The 50 Dollar Film Camera Project

Click here to go directly to the roll of film.

Scroll down for my review of the Minolta XG-M w/50mm f/2 lens.

The short story is that I shot one roll of Mitsubishi MX-III 100 ISO film on a Minolta XG-M w/50mm f/2 lens that was purchased 8 years ago for 25 dollars as a gift for my girlfriend. She has since become my wife.

Now, the long story, and the review. I found a post about The 50 Dollar Film Camera Project, and immediately thought to myself, "Self, this is the perfect opportunity to pull out my old screw mount Pentax." The camera was given to me as a gift from a co-worker. He used it for 'real work' for more than a decade before giving it to me. He told me that it was the ultimate back up camera for portrait photography. Considering that it is built like a tank, does not need batteries of any kind, has a 135mm f/2.8 lens, and has a pc port that I can use with my flashes in manual mode, it does happen to be much more reliable than most modern cameras. That is, if you can shoot based on guide numbers and math. It was given to me 5 years ago, but I had not used it in 2 years. But tragedy struck. I pulled it out, and started running it through its paces, and noticed that there was oil around the retractable metal lens hood. Upon closer inspection, it turns out that one of the seals in the aperture rings had become brittle and let the lubricating oil leak. There was oil on all the aperture blades, causing the blades to stick, and making it so that I couldn't set the aperture on the camera. I briefly considered the idea of making a bokeh to place on the front of the lens so that I could shoot with that, but the aperture blade problem was even messing with that idea. So, at this moment, the camera itself is in perfect working order, but the only repair options on the lens I've found leave much to be desired.

So, back to the drawing board. Rummaging through the shelf of cameras, I found other possiblities. Namely, a Minolta Hi-matic E and a Olympus 35 ED. Both of these rangefinder cameras were given to my wife as gifts. Both had the same problem. No batteries, no manual, and I couldn't figure out how to work them with enough time to get everything together for this contest. So, I went back into my wife's office for more likely victims.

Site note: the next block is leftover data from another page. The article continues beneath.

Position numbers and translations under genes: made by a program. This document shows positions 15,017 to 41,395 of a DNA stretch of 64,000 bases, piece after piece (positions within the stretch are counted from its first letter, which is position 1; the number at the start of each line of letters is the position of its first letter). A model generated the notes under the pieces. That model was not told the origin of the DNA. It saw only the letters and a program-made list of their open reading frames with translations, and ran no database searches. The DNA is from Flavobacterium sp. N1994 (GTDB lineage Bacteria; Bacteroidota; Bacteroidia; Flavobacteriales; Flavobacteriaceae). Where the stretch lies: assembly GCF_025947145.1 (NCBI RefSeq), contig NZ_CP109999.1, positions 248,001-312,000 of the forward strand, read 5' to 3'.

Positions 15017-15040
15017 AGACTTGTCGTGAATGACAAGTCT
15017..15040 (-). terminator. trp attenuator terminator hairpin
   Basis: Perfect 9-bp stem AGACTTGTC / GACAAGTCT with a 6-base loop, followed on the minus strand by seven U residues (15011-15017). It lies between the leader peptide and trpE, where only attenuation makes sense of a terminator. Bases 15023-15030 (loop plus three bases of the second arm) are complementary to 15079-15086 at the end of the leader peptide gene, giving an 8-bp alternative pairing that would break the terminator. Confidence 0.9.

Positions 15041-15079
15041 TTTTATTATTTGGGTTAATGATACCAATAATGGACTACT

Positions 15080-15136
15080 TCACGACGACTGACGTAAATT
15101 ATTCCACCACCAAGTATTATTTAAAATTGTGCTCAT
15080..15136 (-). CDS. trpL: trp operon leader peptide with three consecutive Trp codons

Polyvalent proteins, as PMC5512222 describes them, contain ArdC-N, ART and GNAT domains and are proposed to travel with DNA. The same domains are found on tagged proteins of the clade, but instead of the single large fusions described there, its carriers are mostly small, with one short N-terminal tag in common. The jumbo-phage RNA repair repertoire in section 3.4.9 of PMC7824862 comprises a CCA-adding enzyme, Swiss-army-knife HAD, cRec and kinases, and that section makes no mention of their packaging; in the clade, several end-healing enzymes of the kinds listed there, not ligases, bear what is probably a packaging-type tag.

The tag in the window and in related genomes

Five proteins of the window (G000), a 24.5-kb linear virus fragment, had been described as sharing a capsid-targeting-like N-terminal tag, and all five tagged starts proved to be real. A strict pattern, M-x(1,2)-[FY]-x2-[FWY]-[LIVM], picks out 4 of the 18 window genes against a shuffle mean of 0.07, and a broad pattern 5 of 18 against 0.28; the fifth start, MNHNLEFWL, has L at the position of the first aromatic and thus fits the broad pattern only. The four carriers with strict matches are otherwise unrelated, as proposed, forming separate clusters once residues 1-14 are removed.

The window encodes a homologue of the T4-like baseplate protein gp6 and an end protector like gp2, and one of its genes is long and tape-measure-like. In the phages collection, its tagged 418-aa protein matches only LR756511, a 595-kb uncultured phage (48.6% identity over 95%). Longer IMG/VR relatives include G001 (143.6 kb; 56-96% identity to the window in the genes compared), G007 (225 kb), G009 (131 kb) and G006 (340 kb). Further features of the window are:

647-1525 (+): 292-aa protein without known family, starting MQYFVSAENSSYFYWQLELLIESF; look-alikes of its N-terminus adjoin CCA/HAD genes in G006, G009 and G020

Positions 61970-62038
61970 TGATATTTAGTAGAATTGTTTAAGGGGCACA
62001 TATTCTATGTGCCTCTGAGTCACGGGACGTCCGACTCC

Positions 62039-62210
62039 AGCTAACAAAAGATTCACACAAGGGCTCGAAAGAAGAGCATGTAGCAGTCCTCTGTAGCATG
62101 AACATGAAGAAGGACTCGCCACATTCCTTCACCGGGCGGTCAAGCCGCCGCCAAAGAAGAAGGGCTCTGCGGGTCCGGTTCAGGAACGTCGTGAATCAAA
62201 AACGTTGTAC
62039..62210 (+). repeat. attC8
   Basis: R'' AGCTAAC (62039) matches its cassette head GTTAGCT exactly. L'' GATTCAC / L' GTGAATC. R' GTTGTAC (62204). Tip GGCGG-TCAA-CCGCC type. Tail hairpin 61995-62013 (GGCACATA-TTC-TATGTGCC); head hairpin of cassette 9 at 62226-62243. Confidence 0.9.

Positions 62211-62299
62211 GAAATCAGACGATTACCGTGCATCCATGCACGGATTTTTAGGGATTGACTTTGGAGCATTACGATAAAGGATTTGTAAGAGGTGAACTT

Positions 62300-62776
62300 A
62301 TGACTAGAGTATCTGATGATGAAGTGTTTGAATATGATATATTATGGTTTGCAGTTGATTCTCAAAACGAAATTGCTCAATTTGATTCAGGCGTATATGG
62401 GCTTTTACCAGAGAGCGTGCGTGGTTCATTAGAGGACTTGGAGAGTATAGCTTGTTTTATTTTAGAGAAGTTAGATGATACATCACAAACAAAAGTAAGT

I ended up pulling out her Minolta XG-M, pictured at the top of the page. She had told me that her father used to shoot with a Minolta XG series camera, so when I found one for 25 bucks, I purchased it as a gift for her. Eventually, the XG got overlooked in favor of newer cameras. So, at the time of the contest, the XG-M had not been used in about a decade, and I had purchased it for less that 50 bucks, so I had a camera that qualified. I ended up having to purchase batteries, and they came out to about nine bucks. I got a roll of Mitsubishi MX-III for less than a dollar, so total cost of the project had come to around 35 bucks.

Now to shoot a roll of film.

I have a two month old son, and as can be guessed, I have taken quite a few pictures of him. So, naturally, he became the subject of my roll of film.

Again, the gallery can be found here.

About the camera.

The lens is top notch. I don't have any 'real' lenses that open up to f/2, or that are as light and compact as the one on the XG-M. In general, as compared to modern cameras, it surprises me how slowly, but surely I got used to larger and larger bodies and lenses. As time went on, I went from shooting with an Olympus OM-F with a f/1.8 that fit in the side pocket of my backpack to a modern camera with a f/5.6 that required its own backpack. Something that the XG-M made very clear. One thing is for sure, this project has made me decide to get a 50mm prime lens to get back to some shooting with a smaller, faster lens.

So, the XG-M has a PC-sync port, so using off camera flash is easy as pie. Just set the shutter speed to the only red colored speed, aka the sync speed, and plug the cord into the pc-sync port of the flash of my choice. Below is a picture that I took with a SB-26 held out on the right side of the camera. If you look on the roll of film, the picture before that one is no flash in manual mode.

Of course, good things have to come to an end, and I started having trouble with the camera jamming. It was not advancing the film correctly, and several shots got chewed up. And towards the end of the roll, the camera started developing a consistent film advance problem. All in all, I'm happy with several of the shots that I got of me, my wife, and my son, and some of them are going to end up on my wall, but ultimately, this experience has put the camera through its paces, and revealed that it is no longer a reliable body to take pictures with, so I am retiring it. Likely, I'm going to find another lens for my pentax and start using that again.

For those interested in the process that I use, I have a friend that develops C41, and I develop my E6. Once developed, I don't cut the negs, but rather run all of them through a Nikon Super Coolscan 5000ED with SA-30 roll film adapter. I just have it process all the negatives in batch mode, I accept all defaults and come back when it is done. I import all of those images into Adobe Lightroom, and make any color adjustments and edits there. If I want to make prints, I use Lightroom to print to a Mitsubishi dye-sub printer. That set up, along with a picture of the XG-M is pictured below.